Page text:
The right equipment
Defining a list of essential protective gear for your child depends on where they’ll be riding and how technical it’s going to be. However, there’s really nothing more important than a correctly fitting helmet.
No two children have the same head, so it’s a matter of try before you buy. Besides simply fitting your child well, key features for a good kids helmet include removable padding, an adjustable fit dial, extended protection on the rear of the head, good ventilation and a low weight. It’s a further bonus if your child is able to fasten and unfasten the helmet by his or herself. And of course, style matters! In order for them to wear it voluntarily, it will need to meet their style criteria so it’s a good idea to involve them in the selection.
Often overlooked, but equally as fundamental: well-fitting (non-wonky!) kids riding glasses. Dust, grit or insects can get into your child’s eyes while riding, affecting their vision and distracting them. By reflex, your child might then unwittingly remove a hand from the bars to wipe their affected eye.
Mountain bikers also need to protect their hands, as they’re likely to be the first body part to come into contact with the ground in the event of a crash. A decent pair of long-finger cycling gloves, like our TENS Bike Gloves, will not only provide protection from abrasion, thorns and splinters, but also improve their grip on the bars.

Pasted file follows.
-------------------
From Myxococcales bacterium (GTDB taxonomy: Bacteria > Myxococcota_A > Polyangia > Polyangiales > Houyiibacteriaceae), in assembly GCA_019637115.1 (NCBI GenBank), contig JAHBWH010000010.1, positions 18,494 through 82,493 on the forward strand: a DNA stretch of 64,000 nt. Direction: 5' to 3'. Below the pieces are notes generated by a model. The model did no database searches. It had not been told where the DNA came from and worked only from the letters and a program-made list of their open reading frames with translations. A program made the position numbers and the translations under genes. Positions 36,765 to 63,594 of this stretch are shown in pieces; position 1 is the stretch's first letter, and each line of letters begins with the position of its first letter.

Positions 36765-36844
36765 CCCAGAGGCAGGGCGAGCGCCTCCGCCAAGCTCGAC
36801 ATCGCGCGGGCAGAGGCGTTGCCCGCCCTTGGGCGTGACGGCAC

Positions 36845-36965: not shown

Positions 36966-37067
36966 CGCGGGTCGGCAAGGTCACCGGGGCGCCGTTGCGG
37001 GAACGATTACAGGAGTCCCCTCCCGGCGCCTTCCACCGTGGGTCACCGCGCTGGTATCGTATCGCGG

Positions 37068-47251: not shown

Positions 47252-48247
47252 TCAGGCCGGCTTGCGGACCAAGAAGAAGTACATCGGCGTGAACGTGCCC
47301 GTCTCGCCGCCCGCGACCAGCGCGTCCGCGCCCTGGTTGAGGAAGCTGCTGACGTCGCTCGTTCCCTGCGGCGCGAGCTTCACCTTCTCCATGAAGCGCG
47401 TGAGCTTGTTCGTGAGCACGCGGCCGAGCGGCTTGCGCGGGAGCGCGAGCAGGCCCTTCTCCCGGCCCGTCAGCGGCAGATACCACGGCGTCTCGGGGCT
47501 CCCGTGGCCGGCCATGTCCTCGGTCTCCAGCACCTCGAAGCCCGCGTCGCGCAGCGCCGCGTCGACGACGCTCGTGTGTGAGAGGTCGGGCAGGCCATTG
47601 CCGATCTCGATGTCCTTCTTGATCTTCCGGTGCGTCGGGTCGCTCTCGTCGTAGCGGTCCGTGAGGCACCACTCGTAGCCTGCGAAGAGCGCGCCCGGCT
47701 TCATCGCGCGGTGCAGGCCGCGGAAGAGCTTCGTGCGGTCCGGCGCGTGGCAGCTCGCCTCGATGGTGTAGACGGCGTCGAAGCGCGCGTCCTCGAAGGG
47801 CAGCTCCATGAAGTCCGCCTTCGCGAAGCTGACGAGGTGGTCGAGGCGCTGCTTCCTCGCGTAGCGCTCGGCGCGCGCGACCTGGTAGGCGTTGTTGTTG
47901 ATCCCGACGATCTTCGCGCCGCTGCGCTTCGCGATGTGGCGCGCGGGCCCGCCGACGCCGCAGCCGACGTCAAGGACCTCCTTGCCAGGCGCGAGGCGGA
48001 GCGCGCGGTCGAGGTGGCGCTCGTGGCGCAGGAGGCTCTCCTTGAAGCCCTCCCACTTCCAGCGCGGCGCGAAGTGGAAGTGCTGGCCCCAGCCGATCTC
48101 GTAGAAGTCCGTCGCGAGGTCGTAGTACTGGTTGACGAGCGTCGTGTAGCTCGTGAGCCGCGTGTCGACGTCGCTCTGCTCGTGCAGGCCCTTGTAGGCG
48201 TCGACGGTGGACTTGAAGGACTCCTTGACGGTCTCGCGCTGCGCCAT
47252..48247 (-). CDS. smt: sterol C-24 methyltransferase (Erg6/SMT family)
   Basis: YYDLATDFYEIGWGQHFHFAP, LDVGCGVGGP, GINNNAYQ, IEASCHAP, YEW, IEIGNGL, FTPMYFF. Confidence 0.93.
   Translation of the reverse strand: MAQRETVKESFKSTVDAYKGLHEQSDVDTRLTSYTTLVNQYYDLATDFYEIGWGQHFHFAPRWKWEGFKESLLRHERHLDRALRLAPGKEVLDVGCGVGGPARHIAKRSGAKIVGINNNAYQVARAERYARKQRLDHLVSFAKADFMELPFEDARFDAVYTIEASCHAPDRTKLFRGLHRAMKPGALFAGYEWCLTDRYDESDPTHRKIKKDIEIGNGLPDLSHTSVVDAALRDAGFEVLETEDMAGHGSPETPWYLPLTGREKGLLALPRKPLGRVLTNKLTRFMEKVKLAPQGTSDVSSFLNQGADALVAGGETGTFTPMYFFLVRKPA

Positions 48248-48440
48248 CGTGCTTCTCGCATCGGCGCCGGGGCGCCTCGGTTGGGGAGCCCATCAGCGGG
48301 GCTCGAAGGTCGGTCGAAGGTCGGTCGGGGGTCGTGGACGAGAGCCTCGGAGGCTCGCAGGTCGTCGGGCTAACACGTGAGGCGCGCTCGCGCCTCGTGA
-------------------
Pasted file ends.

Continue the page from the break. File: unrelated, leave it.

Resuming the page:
Specific protectors, also known as soft body armour, have been developed to protect knees, shins and elbows from injuries. Comfort is key here: They need to be lightweight, easy to pull on and off, totally unrestrictive and wholly unlikely to slip while riding. If these boxes are not ticked and your child is unhappy with the fit and comfort of the protectors, it won’t take long before they refuse to put them on without an argument.
For kids that are already demonstrating ripper potential at the bike park, investing in a neck protector (or a neck brace) as well as a back protector and potentially even crash pants to be worn alongside a comfortable full-face helmet is also a wise move. These will protect their spine, chin, lips, teeth and nose.
Technique for kids
Armed with the right bike and equipment, it’s almost time to roll. But it’s worth mastering some key off-road skills before heading away from the tarmac. For the best results, don't forget to focus on the fun factor above all else. We have compiled a few simple, fun exercises for you and your kid to practice together. Find a large, flat, traffic-free area to have a go.